24 August 2009

My Sheffield bike

When I first came to the UK, as a student in Sheffield in 1989, getting a bike was not in my list of priorities - I had plenty on my plate with coming to grips with the language, the accents, customs, etc.

Eventually, some friends I made lent me a number of items that they knew would come in handy - first among them the TV (black and white - cheaper license!). One day they offered me a bicycle. In Sheffield, you understand, you don't think 'bike' immediately - what with all the hills to climb!. But I figured that I could always walk up the hill, but going down the hill a bike would save me time. I was right. Going from Broomhill to the railway station became much quicker (handy for early morning trains). Where before I'd have spent 45' walking, I could get there in 15'. Going back to Broomhill would take me an hour - but then, it always did.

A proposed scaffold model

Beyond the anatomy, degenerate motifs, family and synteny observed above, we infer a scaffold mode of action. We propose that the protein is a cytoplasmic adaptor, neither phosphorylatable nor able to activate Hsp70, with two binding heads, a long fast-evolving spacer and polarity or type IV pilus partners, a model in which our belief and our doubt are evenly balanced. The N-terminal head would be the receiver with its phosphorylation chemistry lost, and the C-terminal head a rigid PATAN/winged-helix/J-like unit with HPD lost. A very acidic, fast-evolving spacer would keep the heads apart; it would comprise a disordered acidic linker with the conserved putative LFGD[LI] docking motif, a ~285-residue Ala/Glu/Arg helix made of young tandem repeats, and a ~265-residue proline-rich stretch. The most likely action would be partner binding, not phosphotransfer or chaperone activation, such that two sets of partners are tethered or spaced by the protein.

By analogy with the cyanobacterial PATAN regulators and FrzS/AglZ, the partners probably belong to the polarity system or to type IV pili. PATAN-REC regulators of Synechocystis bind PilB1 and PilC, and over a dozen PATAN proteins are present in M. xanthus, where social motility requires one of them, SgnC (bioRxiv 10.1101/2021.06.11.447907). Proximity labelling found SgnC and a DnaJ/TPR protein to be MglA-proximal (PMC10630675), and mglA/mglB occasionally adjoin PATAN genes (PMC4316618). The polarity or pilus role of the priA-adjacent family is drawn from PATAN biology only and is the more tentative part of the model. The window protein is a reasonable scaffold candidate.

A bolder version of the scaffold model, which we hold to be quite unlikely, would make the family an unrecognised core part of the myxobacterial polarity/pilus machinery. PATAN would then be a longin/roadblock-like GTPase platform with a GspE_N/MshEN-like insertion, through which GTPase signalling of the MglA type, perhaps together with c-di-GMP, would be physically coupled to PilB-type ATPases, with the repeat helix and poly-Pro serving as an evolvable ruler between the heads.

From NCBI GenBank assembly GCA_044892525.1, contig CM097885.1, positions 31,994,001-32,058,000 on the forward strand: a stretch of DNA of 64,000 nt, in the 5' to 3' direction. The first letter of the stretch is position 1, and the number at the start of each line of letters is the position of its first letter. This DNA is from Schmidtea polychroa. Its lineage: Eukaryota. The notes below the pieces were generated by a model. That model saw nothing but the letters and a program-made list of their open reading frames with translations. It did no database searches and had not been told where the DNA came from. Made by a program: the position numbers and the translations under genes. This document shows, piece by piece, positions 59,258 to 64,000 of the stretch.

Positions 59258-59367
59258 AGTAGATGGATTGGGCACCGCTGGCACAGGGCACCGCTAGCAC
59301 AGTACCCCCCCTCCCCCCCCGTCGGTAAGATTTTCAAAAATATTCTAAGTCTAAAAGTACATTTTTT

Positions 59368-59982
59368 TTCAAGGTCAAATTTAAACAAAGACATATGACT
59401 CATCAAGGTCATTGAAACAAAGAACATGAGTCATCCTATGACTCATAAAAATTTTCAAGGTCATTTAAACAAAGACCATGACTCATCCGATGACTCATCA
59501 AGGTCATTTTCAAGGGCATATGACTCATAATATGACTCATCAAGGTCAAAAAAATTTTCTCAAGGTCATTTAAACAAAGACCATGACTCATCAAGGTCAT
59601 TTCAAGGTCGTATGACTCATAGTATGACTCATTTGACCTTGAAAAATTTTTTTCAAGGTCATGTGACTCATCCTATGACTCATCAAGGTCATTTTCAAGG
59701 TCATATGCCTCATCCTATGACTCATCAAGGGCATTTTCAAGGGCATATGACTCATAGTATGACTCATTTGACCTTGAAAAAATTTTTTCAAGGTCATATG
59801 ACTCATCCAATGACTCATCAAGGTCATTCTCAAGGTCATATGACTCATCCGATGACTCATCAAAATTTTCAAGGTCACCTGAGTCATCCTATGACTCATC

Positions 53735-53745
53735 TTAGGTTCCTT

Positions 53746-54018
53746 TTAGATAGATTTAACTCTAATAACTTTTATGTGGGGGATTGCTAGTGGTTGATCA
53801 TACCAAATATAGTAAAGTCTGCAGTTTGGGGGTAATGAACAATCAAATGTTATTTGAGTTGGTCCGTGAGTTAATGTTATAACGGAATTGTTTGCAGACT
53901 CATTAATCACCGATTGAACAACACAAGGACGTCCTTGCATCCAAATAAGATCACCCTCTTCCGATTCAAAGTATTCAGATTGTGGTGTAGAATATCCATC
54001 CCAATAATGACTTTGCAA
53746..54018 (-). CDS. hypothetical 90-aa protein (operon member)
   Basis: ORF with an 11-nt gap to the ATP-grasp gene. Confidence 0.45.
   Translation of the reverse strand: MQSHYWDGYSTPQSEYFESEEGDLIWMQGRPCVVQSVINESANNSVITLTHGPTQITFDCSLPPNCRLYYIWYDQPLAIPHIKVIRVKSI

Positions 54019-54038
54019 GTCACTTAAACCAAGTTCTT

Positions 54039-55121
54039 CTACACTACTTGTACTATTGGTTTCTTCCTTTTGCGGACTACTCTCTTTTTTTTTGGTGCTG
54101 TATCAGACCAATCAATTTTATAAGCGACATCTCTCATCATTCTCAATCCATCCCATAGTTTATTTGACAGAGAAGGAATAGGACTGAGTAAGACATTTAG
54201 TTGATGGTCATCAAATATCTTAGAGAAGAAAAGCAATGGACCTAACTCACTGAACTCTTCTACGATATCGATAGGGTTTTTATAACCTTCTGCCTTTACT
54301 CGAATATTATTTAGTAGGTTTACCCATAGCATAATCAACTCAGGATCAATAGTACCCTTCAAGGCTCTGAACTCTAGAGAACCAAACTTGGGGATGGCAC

The cycle in question was an old red Raleigh, a bit rusty in places but on the whole serviceable. There was a catch with this bike loan though: I was supposed to do my best to get it nicked, as my friends hoped that they'd claim it on the insurance and buy a swanky new stead to replace it. I have to say I signally fail to oblige. One day I went to the station and locked the bike using a D-lock I'd borrowed. A couple of days later my friend told me when I saw him "I saw the bike the other day at the station: Jay-sus man, with a lock like that you'll never get it stolen!". Another time it was Friday night and I'd parked the bike at the computer centre (remember, when all PCs where in a single building you had to go to). We all went to the pub afterwards and I "forgot" the bike. The following morning I turned up to retrieve it, hoping it'd be gone. It wasn't. Moreover, as I unlocked the flimsy padlock (I'd learnt my lesson) an old copper on the beat approached. "Young man - he said - if you leave your bike like this you'll have it stolen" he warned me sternly. If only........

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